Being set in purgatory death is constantly surrounding the main characters. Souls of the departed are a constant companion, and the lore of the monsters only serve to help detail some of the worst stories the deceased have to tell. While this is to be expected, the game doubles down on the depressing side of things and entirely misses any balancing points that could have been used to flavour the games plentiful lore. There’s no macabre gothic twist to these stories, no heart-breaking or empowering tales of growth, they all play out like simplified bedtime tales that serve no purpose other than to demoralise. Child suicide, serial murder, lonely older people who died without their family are all presented in the same monotonous fashion. While the first one or two little lore tidbits or cutscenes may make you blanch a little with surprise, it soon becomes obvious that this is the norm. It’s not used for shock value, or to make any literary point, it’s simply thrown in because it’s sad, and sad is how you should feel playing this.
Now, sadness can be used to great effect. Heart-wrenching choices or story twists can be incredibly memorable; just look at The Walking Dead or Shadow of the Colossus. Both wove emotion into their narrative in such a way as to make it part of the experience, ensuring that these games would be something the players carried with them long after the game was finished. Frankly, despite being a game that was supposed to be about overcoming sadness and personal grief, Crystar failed on even a basic level to convey any real emotion at all. Going for quantity over quality leaves the player feeling battered by the constant negative feel of the game, with no end in sight, leaving the player bored, emotionally exhausted, or both.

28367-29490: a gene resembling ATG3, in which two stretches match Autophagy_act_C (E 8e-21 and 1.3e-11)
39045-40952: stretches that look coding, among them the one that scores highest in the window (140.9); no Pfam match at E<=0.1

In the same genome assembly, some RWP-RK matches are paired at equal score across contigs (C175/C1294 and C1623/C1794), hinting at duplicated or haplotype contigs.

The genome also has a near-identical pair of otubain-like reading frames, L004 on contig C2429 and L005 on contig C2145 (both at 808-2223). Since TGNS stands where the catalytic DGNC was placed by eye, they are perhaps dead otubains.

Gameplay-wise the game stagnates very early on. Within the first few hours of play it becomes clear that all the levels, despite the differences in look, all play almost exactly the same. It can be argued that almost every game can be described as such - keep doing the thing until you win, there has to be some increase in challenge, some evolution. What separates the final level from the very first is length, that’s it. It’s a game that really benefits from short bursts of play or it tends to very quickly outstay its welcome.
It’s such a shame when a game doesn’t achieve its potential, and Crystar had it in spades. It looked good and had an interesting premise, but poor writing and gameplay design leave it feeling boring and mediocre. When a game feels like a chore to get through, then you know something has gone very wrong. Crystar uses death and grief as window dressing, but never offers up anything with substance. Its one redeeming feature? You can pet the dog.
Crystar (Reviewed on PlayStation 4)
Minor enjoyable interactions, but on the whole is underwhelming.
A trigger warning in game form - without any trigger warnings. Had a lot of potential, but unfortunately misses the mark.